It was now that gray and grimly hour ere one flicker of orange or rose has gemmed the east, and when unwearying Nature herself seems to snatch brief repose. In the roar of restless cities, this is the only time when their strife is hushed. Midnight is awake—alive; the streets ring with laughter and with rattling wheels. At the third hour, a dead, deep silence prevails; the loud-voiced streets grow dumb. They are deserted of all, save the few guardians of the night and the skulking robber. But even far removed from the haunts of men and hum of towns it is the same. "Nature's best nurse" seems to weigh nature down, and stillness reigns throughout. Our feelings are, in a great measure, influenced by the hour. Exposed to the raw, crude atmosphere, which has neither the nipping, wholesome shrewdness of morn, nor the profound chillness of night, the frame vainly struggles against the dull, miserable sensations engendered by the damps, and at once communicates them to the spirits. Hope forsakes us. We are weary, exhausted. Our energy is dispirited. Sleep does "not weigh our eyelids down." We stare upon the vacancy. We conjure up a thousand restless, disheartening images. We abandon projects we have formed, and which, viewed through this medium, appear fantastical, chimerical, absurd. We want rest, refreshment, energy.

We will not say that Turpin had all these misgivings. But he had to struggle hard with himself to set sleep and exhaustion at defiance.

The moon had set. The stars,

Pinnacled deep in the intense main,

had all—save one, the herald of the dawn—withdrawn their luster. A dull mist lay on the stream, and the air became piercing cold. Turpin's chilled fingers could scarcely grasp the slackening rein, while his eyes, irritated by the keen atmosphere, hardly enabled him to distinguish surrounding objects, or even to guide his steed. It was owing, probably, to this latter circumstance, that Bess suddenly floundered and fell, throwing her master over her head.

Turpin instantly recovered himself. His first thought was for his horse. But Bess was instantly upon her legs—covered with dust and foam, sides and cheeks—and with her large eyes glaring wildly, almost piteously, upon her master.

"Art hurt, lass?" asked Dick, as she shook herself, and slightly shivered. And he proceeded to the horseman's scrutiny. "Nothing but a shake; though that dull eye—those quivering flanks——" added he, looking earnestly at her. "She won't go much further, and I must give it up—what! give up the race just when it's won? No, that can't be. Ha! well thought on. I've a bottle of liquid, given me by an old fellow, who was a knowing cove and famous jockey in his day, which he swore would make a horse go as long as he'd a leg to carry him, and bade me keep it for some great occasion. I've never used it; but I'll try it now. It should be in this pocket. Ah! Bess, wench, I fear I'm using thee, after all, as Sir Luke did his mistress, that I thought so like thee. No matter! It will be a glorious end."

Raising her head upon his shoulder, Dick poured the contents of the bottle down the throat of his mare. Nor had he to wait long before its invigorating effects were instantaneous. The fire was kindled in the glassy orb; her crest was once more erected; her flank ceased to quiver; and she neighed loud and joyously.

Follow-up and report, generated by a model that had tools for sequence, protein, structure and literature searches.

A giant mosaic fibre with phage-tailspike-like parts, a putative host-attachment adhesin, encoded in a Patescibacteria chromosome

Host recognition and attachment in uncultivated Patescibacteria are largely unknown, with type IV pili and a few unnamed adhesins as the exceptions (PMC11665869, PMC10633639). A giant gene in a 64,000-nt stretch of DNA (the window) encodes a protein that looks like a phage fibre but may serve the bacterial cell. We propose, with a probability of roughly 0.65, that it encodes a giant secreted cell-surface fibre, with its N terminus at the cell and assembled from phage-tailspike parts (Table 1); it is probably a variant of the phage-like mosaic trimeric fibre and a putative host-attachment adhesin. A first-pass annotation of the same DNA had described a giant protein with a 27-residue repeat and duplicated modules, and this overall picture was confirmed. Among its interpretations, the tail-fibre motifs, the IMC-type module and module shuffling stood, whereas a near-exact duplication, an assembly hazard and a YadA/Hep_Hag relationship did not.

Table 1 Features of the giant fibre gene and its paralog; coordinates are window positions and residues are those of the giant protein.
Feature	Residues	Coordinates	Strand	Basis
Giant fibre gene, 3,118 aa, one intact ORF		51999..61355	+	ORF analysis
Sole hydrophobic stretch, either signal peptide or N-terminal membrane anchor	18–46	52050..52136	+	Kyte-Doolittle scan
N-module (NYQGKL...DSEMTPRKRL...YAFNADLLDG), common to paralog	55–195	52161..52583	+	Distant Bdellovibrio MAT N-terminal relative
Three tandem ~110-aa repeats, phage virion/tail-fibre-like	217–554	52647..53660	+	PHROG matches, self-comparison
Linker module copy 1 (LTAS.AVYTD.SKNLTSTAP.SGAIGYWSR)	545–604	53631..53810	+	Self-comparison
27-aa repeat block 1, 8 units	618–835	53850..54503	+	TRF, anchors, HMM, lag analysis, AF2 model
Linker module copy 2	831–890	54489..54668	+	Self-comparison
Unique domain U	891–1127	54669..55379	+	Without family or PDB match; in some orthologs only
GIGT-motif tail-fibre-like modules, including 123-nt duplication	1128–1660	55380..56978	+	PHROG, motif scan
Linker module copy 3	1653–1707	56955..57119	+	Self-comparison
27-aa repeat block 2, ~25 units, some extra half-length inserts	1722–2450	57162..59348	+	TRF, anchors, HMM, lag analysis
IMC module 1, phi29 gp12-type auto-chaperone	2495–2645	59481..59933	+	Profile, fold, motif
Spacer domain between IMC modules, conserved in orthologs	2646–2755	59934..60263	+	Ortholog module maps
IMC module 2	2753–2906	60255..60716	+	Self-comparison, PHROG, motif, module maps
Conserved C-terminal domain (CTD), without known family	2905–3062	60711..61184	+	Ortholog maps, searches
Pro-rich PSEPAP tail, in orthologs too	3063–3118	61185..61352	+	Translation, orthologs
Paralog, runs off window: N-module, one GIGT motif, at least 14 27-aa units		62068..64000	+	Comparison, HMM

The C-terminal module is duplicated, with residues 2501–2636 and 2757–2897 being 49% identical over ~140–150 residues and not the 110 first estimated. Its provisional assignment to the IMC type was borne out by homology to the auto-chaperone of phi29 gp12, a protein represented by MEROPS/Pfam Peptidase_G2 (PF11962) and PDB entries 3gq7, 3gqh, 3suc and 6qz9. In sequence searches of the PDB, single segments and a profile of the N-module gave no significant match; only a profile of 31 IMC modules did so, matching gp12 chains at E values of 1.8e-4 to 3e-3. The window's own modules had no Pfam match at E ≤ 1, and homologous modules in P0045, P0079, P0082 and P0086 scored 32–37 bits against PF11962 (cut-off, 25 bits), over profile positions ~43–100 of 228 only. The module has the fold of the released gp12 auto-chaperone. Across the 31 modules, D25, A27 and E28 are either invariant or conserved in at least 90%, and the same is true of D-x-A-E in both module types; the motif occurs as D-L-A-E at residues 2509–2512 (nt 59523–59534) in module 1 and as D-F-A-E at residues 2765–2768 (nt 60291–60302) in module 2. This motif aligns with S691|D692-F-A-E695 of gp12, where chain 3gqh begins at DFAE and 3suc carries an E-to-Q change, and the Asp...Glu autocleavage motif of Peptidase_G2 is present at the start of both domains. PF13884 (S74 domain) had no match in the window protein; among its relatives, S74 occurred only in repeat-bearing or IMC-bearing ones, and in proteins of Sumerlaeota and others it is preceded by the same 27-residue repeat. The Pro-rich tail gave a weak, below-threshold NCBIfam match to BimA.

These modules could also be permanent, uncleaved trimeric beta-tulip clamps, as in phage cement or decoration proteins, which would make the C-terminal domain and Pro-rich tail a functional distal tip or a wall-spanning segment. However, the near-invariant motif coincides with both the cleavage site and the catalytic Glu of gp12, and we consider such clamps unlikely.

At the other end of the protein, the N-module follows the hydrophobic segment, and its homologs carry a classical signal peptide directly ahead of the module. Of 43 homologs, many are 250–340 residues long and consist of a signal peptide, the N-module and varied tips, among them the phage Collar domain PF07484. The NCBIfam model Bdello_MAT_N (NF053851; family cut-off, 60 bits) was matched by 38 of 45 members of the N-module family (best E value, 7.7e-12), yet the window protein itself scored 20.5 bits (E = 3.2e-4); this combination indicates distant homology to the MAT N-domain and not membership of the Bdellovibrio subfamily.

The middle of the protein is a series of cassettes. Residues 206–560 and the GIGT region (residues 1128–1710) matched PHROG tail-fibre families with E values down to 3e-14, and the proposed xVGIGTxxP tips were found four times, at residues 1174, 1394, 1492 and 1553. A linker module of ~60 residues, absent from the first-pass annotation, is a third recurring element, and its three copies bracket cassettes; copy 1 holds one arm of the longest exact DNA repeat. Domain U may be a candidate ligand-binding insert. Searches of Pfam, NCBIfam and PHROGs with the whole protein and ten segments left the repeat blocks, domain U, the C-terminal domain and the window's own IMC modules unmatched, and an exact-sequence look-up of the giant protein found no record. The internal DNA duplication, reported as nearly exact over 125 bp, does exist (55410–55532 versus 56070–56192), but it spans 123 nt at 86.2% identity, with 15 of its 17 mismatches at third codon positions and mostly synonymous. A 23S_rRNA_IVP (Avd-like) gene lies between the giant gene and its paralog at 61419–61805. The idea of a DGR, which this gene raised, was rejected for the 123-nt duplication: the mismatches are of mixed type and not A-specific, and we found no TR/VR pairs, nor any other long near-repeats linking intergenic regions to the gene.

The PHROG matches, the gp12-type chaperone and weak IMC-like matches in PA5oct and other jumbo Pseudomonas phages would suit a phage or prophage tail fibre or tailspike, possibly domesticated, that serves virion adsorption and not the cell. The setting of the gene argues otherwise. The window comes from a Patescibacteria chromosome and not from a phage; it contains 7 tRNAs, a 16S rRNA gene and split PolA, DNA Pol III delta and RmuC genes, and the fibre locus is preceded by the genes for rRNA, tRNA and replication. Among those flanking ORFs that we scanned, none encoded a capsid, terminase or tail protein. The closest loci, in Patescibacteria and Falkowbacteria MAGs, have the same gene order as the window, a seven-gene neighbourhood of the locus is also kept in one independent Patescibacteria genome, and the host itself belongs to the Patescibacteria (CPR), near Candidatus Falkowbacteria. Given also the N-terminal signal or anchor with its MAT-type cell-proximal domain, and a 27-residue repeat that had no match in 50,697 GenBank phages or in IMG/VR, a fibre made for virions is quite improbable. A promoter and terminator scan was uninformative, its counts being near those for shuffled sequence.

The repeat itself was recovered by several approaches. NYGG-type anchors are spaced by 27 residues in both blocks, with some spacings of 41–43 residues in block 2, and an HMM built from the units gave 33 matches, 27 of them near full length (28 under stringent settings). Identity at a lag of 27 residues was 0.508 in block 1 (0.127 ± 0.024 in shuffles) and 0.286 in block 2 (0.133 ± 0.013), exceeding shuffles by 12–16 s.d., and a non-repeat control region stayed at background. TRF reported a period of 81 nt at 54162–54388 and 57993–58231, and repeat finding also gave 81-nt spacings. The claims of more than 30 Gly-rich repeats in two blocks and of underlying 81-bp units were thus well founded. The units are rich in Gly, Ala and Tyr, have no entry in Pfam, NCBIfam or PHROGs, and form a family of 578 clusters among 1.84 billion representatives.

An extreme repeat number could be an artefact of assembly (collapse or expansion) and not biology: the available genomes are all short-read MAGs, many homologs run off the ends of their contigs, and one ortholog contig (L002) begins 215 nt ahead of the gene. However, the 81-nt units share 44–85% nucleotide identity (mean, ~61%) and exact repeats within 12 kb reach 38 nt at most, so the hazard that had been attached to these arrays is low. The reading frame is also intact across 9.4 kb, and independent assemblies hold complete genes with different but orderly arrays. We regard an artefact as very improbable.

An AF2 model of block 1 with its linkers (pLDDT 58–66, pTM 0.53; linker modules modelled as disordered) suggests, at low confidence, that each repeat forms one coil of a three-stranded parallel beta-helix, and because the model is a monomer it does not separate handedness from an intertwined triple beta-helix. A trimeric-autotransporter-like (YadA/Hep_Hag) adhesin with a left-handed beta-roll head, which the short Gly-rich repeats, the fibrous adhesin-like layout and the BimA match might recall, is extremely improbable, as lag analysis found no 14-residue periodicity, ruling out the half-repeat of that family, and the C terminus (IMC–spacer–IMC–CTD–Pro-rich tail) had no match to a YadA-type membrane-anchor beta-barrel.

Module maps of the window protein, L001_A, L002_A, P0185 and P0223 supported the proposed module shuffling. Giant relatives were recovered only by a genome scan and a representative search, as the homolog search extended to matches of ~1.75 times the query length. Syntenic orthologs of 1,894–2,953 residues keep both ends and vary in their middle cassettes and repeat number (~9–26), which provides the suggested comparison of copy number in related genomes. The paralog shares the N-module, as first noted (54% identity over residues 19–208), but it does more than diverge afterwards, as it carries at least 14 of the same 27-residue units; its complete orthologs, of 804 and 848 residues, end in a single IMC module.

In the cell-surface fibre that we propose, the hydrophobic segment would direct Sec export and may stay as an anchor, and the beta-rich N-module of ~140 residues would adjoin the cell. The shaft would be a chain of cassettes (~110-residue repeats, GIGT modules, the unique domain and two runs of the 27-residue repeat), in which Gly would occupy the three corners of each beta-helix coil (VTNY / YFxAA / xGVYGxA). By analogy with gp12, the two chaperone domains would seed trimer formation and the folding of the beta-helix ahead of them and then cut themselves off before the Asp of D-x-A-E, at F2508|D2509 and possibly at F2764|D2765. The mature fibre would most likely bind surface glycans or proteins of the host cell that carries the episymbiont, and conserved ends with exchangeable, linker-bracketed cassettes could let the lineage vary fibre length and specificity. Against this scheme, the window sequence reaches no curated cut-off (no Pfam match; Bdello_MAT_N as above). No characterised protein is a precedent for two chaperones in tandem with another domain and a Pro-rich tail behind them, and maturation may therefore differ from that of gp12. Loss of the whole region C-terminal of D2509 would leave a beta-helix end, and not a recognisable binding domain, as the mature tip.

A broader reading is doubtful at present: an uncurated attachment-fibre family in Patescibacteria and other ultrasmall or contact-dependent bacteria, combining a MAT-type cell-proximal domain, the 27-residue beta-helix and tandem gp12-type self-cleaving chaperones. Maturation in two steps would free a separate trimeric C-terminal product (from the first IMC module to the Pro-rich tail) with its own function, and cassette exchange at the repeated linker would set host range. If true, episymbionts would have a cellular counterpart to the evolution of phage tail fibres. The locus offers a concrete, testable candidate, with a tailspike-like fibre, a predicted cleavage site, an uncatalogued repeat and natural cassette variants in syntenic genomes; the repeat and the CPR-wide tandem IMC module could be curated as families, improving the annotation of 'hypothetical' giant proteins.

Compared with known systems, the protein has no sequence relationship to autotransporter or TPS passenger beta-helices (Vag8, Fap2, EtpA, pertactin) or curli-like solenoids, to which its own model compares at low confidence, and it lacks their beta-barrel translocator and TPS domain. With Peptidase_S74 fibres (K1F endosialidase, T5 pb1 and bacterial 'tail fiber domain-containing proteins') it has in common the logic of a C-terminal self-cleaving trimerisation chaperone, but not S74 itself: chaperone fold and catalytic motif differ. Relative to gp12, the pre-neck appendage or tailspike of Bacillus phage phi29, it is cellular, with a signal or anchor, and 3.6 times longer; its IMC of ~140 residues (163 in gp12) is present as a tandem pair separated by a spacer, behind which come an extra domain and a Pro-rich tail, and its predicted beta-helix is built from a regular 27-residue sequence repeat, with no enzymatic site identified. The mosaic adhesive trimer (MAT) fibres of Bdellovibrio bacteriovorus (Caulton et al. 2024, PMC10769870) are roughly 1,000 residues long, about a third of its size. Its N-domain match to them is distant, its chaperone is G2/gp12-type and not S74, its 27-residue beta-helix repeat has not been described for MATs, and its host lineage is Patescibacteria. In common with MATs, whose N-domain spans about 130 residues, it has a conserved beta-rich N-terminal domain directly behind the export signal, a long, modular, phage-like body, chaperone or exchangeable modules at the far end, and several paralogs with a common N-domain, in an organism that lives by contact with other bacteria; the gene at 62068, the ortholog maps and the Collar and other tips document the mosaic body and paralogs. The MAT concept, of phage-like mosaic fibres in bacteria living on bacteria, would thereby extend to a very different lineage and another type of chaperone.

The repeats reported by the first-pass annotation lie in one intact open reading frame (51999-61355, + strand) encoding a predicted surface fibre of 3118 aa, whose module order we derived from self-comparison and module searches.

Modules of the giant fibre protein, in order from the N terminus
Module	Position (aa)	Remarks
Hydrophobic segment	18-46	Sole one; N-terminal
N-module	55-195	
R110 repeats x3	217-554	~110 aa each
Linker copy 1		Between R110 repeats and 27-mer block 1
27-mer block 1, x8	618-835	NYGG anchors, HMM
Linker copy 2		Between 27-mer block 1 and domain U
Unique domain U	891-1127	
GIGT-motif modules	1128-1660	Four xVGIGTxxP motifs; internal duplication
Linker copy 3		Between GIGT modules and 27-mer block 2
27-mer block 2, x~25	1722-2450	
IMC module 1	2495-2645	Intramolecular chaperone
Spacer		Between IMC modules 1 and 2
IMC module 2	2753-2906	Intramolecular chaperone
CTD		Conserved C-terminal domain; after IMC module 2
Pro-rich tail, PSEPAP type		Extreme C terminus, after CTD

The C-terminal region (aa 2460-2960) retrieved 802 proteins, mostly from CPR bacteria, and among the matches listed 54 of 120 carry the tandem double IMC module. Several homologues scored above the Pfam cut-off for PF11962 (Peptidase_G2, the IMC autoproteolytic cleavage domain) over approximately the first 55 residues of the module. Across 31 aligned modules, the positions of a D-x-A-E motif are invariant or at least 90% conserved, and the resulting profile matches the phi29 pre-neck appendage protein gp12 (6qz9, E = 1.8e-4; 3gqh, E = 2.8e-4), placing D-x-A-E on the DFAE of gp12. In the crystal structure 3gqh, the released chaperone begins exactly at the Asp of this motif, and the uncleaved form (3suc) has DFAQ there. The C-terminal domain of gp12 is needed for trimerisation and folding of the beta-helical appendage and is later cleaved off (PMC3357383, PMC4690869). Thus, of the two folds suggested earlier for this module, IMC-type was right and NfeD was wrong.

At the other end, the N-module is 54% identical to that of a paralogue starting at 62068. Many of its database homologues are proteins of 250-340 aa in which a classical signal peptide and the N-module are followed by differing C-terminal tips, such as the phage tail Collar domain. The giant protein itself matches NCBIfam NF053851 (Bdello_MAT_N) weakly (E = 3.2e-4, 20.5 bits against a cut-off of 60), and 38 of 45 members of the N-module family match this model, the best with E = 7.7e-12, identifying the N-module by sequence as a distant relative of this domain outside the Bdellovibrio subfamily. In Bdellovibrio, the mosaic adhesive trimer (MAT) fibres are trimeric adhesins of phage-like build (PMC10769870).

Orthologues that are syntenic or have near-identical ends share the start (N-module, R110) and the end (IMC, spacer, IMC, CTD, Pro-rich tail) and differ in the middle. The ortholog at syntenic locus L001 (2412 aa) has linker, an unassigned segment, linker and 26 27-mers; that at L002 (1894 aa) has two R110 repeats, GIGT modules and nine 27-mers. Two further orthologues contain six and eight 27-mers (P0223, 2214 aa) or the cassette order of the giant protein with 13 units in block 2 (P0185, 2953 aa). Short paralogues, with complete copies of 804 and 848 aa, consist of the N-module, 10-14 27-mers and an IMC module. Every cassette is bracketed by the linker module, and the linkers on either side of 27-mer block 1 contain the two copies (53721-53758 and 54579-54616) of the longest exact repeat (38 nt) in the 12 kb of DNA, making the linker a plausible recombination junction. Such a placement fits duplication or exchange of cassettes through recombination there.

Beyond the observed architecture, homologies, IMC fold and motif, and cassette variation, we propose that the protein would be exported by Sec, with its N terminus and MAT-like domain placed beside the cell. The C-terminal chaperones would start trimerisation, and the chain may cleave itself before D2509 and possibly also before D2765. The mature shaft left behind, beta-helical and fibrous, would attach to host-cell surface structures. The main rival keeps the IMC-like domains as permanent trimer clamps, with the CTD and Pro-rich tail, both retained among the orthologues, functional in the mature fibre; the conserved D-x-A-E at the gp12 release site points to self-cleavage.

"Egad, the old fellow was right," cried Dick. "The drink has worked wonders. What the devil could it have been? It smells like spirit," added he, examining the bottle. "I wish I'd left a taste for myself. But here's that will do as well." And he drained his flask of the last drop of brandy.

Dick's limbs were now become so excessively stiff, that it was with difficulty he could remount his horse. But this necessary preliminary being achieved by the help of a stile, he found no difficulty in resuming his accustomed position upon the saddle. We know not whether there was any likeness between our Turpin and that modern Hercules of the sporting world, Mr. Osbaldeston. Far be it from us to institute any comparison, though we cannot help thinking that, in one particular, he resembled that famous "copper-bottomed" squire. This we will leave to our reader's discrimination. Dick bore his fatigues wonderfully. He suffered somewhat of that martyrdom which, according to Tom Moore, occurs "to weavers and M. P.'s, from sitting too long;" but again on his courser's back, he cared not for anything.

Once more, at a gallant pace, he traversed the banks of the Don, skirting the fields of flax that bound its sides, and hurried far more swiftly than its current to its confluence with the Aire.

Snaith was past. He was on the road to Selby when dawn first began to break. Here and there a twitter was heard in the hedge; a hare ran across his path, gray-looking as the morning self; and the mists began to rise from the earth. A bar of gold was drawn against the east, like the roof of a gorgeous palace. But the mists were heavy in this world of rivers and their tributary streams. The Ouse was before him, the Trent and Aire behind; the Don and Derwent on either hand, all in their way to commingle their currents ere they formed the giant Humber. Amid a region so prodigal of water, no wonder the dews fell thick as rain. Here and there the ground was clear; but then again came a volley of vapor, dim and palpable as smoke.